Racism & Cultural Appropriation in K-pop

An in depth look an at K-pop idols problematic behavior

You’re in your room after a long day at school. You’re tired, your shoulders hurt, and you’re overall just done with the day and could really go for some music. You think, why not try K-pop? It’s all the rage right now, so might as well try it. You find a song that seems promising and listen to it. After that, you see a very interesting video pop up on YouTube titled “Racism and Cultural Appropriation in K-pop”. Assuming it must be clickbait (false video titles that make people click on it), you go to Twitter to investigate further. It takes some time to get through the sea of fans obsessing over their favorite idol for you to find any real information. After what seems likes hours, you find out the truth, there is racism and cultural appropriation (taking another races culture as your own) in K-pop videos and songs.
What is K-pop? K-pop, or Korean pop, is a form of music performed by mostly Korean artists. Over the years, this genre of music has gained a massive following. One of these popular K-pop groups is called BTS.
“They have lyrics that mean something. They talk about how they are going to get old and not stay but they will always be there,” freshman Aaron Luonge said.
If you look carefully in the music video for his song ‘Tough Cookie’ K-pop artist Zico is seen wearing a confederate flag, while at the same time trying to copy the stereotypical style of African American rappers. Technically, Zico can be considered a K-hip hop artist. K-hip hop artists are Korean artist that make, sing, and perform Korean hip hop songs.
There is a name given to people who try to emulate or steal cultures of others by using stereotypes: culture vultures. Being a culture vulture can be considered racist because in order for you to try and copy another person’s race you have to first believe and act upon those stereotypes. This is dangerous because it only feeds into negative assumptions about people because of their race.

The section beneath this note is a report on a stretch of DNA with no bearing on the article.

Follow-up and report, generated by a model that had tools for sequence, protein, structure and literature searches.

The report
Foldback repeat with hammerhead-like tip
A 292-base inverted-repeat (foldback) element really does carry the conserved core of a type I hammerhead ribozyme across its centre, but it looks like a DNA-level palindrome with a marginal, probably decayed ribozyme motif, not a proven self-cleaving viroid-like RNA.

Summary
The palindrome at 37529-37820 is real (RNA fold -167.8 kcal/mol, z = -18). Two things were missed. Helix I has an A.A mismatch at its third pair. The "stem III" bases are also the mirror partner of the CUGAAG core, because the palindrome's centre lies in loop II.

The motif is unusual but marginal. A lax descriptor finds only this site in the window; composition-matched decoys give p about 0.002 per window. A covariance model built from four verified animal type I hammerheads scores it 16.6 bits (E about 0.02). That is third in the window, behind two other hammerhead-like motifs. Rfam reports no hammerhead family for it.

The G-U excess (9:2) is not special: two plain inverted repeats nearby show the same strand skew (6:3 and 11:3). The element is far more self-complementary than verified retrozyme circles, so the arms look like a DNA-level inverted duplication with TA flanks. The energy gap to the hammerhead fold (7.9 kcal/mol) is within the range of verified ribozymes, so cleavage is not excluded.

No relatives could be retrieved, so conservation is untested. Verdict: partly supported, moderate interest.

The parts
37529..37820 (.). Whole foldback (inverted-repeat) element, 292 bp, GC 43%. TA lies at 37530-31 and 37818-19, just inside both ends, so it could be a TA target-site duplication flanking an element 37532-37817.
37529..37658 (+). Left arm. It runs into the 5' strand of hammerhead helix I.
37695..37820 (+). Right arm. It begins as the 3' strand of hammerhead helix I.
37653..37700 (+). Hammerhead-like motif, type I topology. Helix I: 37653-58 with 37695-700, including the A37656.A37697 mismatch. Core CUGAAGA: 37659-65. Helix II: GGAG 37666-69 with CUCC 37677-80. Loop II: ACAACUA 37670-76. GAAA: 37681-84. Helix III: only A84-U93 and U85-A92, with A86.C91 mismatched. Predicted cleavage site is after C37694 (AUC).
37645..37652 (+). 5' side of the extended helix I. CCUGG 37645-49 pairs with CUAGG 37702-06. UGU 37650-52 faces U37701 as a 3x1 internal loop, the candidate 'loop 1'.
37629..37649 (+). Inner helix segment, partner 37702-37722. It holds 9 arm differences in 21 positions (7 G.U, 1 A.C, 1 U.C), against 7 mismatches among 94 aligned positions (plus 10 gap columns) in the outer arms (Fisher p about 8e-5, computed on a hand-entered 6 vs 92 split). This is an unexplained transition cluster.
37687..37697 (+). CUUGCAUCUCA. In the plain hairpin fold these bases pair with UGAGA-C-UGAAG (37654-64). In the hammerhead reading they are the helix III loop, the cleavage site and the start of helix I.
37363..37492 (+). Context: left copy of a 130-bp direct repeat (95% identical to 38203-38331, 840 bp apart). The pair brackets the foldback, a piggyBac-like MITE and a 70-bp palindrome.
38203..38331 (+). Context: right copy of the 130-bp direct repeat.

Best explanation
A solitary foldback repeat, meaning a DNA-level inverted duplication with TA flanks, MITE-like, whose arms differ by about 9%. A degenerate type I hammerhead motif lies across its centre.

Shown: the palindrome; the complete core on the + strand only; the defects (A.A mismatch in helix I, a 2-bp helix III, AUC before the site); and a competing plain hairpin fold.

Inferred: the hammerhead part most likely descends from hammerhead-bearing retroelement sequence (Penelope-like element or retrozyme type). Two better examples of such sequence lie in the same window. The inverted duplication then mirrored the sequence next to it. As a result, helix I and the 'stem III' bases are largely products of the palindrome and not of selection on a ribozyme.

The reason wearing a confederate flag is considered racist is because of its past. The confederate flag was used during the Civil War, and it was for the side that wanted to keep African Americans as slaves. Some people try to defend the confederate flag because it has historical value, but the history is extremely racist.
“Ultimately, it’s a battle flag. It’s a sign of hate, it’s a sign of the tarnishment of our country,”East High 20th century world history teacher Andrew Ried said.
Another example of a K-pop artist trying to copy stereotypes of black people is K-pop artist Jessi. She has a history of trying to speak like a sing slang commonly found in black culture sound like a black person, tanning herself to the point where she looks black, and using the line “diamonds blue like a Crip, yah” in her song “Drip”. Crips are an African American gang that is known for wearing blue. There isn’t any way to try and talk like a black person without giving in to stereotypes and spreading these harmful assumptions.
“I’m kind of sad because K-pop artists are supposed to be role models in South Korea,” Luonge said.
This type of imagery can lead people to believe that their favorite idols are associated with a gang that has caused hundreds of deaths.
“I’m disappointed because there’s so many idols who’ve done cultural appropriation,” junior Evelynn Way said.
Although the artist mostly likely drew their inspiration from America, it shouldn’t be accepted. Not only was this an ignorant lyric, it could have been possibly dangerous for Jessi. A Crip could possibly have a negative reaction to finding out that a popular singer is trying to copy and associate themselves with their gang, even though she has no actual connection to them.
“K-pop artists shouldn’t express themselves like that,” sophomore Jessica Perez said
Artists companies, such as Jessi’s labels P nation and YMC Entertainment, can be blamed for letting them or even encouraging them to try and copy the style of African Americans and gangs.

Pleas enjoy this drawing of K-pop artist, Zico

Rimmer, Ptolemy